Emotional problems are prevalent amongst the most common causes of disability. National institute of mental health (NIMH) reported that 13 million American adults (approximately 1 in 17) have a serious mental illness (1). Mental health disorders cause severe problems in life. People with high levels of depressive symptoms or depressive disorders are at risk of having academic and interpersonal difficulties. It is expected for these students to become cigarette smokers, use other substances and make an effort for suicide (2, 3). In the United States and Canada, accounting for 25% of all years of life lost to disability and premature mortality (4). Moreover, suicide is the 11th leading cause of death in the United States, accounting for deaths of approximately 30000 Americans each year (WISQARS, 2010). Iranian student population is also affected by depression, anxiety and stress. For example, the study of Najafikolyani et al. showed that 76% of students had stress, while 56% and 53% had depression and anxiety, respectively (5).

Mental disorders, such as depression and anxiety, have an effect upon people’s capacity to join and become involved in health-promoting behaviors. In turn, mental health arises prosperous performance of mental function, resulting in productive activates, fulfilling relationships with other people, and the ability to adapt to change and deal successfully with demanding or stimulating situations. Mental health is dependent on many factors, such as family and individual factors. Thus, attachment security plays an important role in emotional regulation and mental health (6). Bowlby underlined that loosing an attachment figure extends the likelihood of depression in adulthood (7, 8). Attachment researchers insist that the parental emotional negligence provides a basis for anxiety disorder (9).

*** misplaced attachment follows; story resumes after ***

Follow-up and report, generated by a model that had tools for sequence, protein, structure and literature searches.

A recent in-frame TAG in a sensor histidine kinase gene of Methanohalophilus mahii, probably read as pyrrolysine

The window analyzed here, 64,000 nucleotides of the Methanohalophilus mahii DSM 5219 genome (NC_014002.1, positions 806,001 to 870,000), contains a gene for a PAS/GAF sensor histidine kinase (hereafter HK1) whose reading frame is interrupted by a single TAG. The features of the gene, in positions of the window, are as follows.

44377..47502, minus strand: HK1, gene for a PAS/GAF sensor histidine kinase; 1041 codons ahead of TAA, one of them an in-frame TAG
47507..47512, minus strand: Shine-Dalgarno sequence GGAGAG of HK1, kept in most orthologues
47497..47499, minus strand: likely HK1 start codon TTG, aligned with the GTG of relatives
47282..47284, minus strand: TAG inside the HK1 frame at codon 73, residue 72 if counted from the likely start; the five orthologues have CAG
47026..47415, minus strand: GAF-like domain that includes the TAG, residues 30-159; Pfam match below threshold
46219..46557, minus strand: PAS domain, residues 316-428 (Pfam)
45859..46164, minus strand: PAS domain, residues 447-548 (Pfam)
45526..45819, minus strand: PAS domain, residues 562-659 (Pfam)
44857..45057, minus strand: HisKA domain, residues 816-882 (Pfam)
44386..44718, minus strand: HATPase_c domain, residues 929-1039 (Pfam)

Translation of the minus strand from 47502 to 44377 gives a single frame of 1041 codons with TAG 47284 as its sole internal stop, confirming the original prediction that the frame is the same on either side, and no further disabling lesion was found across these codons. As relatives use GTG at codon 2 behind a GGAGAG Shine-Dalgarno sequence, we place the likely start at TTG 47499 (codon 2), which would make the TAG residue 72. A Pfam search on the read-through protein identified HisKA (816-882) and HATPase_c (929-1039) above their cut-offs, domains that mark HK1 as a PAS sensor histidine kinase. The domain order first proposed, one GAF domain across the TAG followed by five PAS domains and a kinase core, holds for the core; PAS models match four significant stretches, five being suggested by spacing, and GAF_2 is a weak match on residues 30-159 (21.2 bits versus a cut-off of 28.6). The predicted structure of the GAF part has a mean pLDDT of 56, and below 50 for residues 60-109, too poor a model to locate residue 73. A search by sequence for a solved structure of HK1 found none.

Previous studies showed that adolescent attachment organization was a predictor of the antagonism (10), social competence (11-13), illicit drug use (14), depression (15), eating disorders (16), affective disorder, obsessive-compulsive, histrionic, borderline or schizotypal personality disorders, and self-reported avoidant, anxious and dysthymic personality traits (12). Keating, Tasca and Hill found that there was a negative relationship between anxious attachment and body esteem. They also concluded that attachment avoidance had an indirect negative relationship with body esteem through alexithymia (17).

Lee and Hakins (18) showed that anxious and avoidant attachment predicted depression and anxiety, therefore quality of attachment is an important factor in improving the power or capacity of individuals to tolerate unfavorable environmental conditions and enduring mental health (19). Also insecure attachment during puerility is a strong predictor of adulthood depression (20). Haddadi Koohsar and Ghobary Bonab (21) found that anxiety and depression of Iranian college students could be predicted by quality of attachment. Studies showed that depression and anxiety exists in students with anxious attachment more than individuals with dependent attachment (dependability of others). Meta-analysis of 100 studies indicated that there was a negative association between a secure attachment and anxiety and depression (22).